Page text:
International Service of Process In Argentina
International service of process in Argentina can be completed through the formal methods prescribed by the Hague Service Convention. Argentina does not allow service through the mail or via a private process server.
PROCESS SERVICE IN ARGENTINA UNDER THE HAGUE CONVENTION
International service of process in Argentina can be completed through the Hague Convention, which Argentina ratified on February 2, 2001 and put into effect on December 1, 2001.
Argentina opposes alternate methods of transmission as outlined in Article 10 of the Convention, which would allow for service to be effectuated via the mail or privately hired process server.
This means that all service of process must be completed through Argentina’s judicial channels, specifically the designated central authority, the Ministry of Foreign Affairs, International Trade and Worship. This process takes approximately 3-6 months to complete.
TRANSLATION OF DOCUMENTS
As part of their agreement to ratify and accept the Hague Service Convention, Argentina mandates that all documents be translated into Spanish. Any untranslated documents will not be recognized by the Central Authority.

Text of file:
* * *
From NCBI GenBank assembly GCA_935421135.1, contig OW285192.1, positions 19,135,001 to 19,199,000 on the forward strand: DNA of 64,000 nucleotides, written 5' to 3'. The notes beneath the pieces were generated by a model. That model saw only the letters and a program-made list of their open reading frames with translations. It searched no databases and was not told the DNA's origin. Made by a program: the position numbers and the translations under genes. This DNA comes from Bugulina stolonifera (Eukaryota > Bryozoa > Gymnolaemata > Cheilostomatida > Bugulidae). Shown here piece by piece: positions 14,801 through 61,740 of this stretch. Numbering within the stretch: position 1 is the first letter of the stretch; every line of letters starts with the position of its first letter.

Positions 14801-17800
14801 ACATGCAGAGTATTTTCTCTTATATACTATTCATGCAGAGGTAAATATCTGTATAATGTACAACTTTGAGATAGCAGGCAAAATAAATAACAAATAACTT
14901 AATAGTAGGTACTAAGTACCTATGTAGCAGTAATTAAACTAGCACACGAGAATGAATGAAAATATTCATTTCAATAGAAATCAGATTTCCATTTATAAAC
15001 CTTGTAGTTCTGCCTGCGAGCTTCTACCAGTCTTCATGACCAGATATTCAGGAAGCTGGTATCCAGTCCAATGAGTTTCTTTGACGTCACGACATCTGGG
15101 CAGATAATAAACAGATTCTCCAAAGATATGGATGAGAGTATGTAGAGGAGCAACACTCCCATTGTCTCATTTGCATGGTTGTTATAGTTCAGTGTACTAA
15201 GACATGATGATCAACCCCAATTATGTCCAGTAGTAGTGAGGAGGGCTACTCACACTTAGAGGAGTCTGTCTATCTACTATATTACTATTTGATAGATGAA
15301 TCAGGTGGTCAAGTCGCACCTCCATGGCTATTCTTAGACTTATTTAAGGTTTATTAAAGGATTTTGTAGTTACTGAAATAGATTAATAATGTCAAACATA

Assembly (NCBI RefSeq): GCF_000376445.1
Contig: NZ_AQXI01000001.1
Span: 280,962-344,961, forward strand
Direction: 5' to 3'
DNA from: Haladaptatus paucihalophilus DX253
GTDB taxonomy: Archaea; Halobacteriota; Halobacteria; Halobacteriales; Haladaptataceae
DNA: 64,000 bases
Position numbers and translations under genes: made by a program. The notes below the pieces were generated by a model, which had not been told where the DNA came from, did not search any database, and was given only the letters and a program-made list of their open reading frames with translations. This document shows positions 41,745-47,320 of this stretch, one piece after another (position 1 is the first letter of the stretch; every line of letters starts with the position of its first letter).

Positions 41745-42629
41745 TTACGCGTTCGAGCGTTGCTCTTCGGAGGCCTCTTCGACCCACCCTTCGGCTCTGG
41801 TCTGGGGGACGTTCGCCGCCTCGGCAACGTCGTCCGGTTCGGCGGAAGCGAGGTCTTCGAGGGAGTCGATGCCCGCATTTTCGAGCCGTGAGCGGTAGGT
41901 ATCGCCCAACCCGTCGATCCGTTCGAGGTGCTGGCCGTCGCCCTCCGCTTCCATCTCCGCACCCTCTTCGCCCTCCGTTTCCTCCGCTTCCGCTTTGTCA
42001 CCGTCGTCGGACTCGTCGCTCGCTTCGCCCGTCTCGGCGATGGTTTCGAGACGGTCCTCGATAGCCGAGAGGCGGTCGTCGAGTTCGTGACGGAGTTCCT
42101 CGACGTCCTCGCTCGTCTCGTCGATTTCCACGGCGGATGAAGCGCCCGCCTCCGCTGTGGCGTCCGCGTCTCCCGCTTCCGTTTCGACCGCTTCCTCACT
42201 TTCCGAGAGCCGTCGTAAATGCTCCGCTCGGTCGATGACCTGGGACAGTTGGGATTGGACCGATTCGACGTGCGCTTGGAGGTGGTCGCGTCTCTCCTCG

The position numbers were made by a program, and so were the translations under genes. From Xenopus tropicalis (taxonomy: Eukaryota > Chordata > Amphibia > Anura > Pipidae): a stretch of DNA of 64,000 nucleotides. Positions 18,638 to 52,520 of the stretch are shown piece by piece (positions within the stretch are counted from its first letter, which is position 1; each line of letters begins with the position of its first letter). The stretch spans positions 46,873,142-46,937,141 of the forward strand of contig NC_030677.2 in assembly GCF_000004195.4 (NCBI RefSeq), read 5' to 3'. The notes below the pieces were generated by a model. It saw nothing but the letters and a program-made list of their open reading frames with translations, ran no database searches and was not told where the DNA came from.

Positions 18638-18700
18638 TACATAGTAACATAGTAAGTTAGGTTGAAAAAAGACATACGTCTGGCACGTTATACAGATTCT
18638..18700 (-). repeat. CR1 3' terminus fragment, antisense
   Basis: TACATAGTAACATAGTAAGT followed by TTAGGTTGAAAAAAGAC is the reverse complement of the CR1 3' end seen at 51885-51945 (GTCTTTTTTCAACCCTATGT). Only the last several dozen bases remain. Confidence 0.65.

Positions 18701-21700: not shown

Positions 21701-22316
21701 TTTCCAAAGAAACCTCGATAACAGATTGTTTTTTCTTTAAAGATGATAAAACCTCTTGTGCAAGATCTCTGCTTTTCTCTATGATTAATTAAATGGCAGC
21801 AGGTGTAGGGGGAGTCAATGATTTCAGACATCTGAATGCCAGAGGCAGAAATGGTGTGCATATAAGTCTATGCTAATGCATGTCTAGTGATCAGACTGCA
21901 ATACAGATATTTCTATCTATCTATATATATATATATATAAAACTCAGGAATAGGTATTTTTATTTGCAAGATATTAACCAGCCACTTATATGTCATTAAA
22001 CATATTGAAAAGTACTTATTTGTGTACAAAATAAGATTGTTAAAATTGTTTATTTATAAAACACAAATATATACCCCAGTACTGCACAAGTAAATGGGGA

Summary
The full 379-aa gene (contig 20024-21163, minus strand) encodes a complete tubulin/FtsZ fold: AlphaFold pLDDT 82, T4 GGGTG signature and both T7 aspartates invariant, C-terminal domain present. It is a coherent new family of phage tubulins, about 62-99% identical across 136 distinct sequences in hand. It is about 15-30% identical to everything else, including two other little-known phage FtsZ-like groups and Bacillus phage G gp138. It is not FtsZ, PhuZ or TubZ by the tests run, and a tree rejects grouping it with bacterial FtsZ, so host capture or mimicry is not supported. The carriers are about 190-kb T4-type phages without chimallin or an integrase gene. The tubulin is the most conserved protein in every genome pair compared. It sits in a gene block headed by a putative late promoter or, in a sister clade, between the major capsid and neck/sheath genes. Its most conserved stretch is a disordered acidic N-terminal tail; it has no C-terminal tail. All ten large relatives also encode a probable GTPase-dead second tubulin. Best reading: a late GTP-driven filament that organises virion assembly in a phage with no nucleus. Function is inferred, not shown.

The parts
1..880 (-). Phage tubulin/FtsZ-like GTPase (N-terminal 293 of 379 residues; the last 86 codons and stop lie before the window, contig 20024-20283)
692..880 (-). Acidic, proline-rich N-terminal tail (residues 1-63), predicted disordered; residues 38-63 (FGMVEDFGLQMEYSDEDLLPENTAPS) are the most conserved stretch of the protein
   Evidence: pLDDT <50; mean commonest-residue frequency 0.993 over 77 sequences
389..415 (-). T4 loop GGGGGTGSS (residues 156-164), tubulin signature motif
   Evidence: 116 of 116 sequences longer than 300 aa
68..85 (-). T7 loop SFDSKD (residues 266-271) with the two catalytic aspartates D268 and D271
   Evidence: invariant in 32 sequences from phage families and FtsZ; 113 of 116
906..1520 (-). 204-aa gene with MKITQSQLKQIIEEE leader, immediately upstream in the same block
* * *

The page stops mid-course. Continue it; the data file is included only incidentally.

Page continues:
Additionally, since the due process requirements in the United States require that the recipient understand the documents they are served, translation into additional languages may be deemed necessary in some circumstances.
THE PROCESS FOR SERVICE UNDER THE HAGUE CONVENTION IN ARGENTINA
There is no fee relating to executing the request for service via the Argentine Central Authority.
However, there is also no established timeline for services to be made. Once the necessary forms are sent to the Central Authority, you will not receive any updates until proof of service or non-service is sent back to your office.
INFORMAL SERVICE OF PROCESS IN ARGENTINA
Argentina does not permit informal methods of service, and will not uphold rulings and judgments if service is not completed through the formal methods outlined by the Hague Convention.
SERVING DOCUMENTS IN ARGENTINA
When attempting to effectuate process service, it is essential to follow the exact protocols outlined by the Argentine Central Authority. Like most member states of the Hague Convention, Argentinian courts consider service outside treaty procedures as “invalid service.”
The staff of DGR Legal are not lawyers, nor is our organization a law firm. The information provided on this website does not, and is not intended to, constitute legal advice. Rather, all information, content, and materials available on this site are for general informational purposes only. Information on this website may not constitute the most up-to-date legal or other information.
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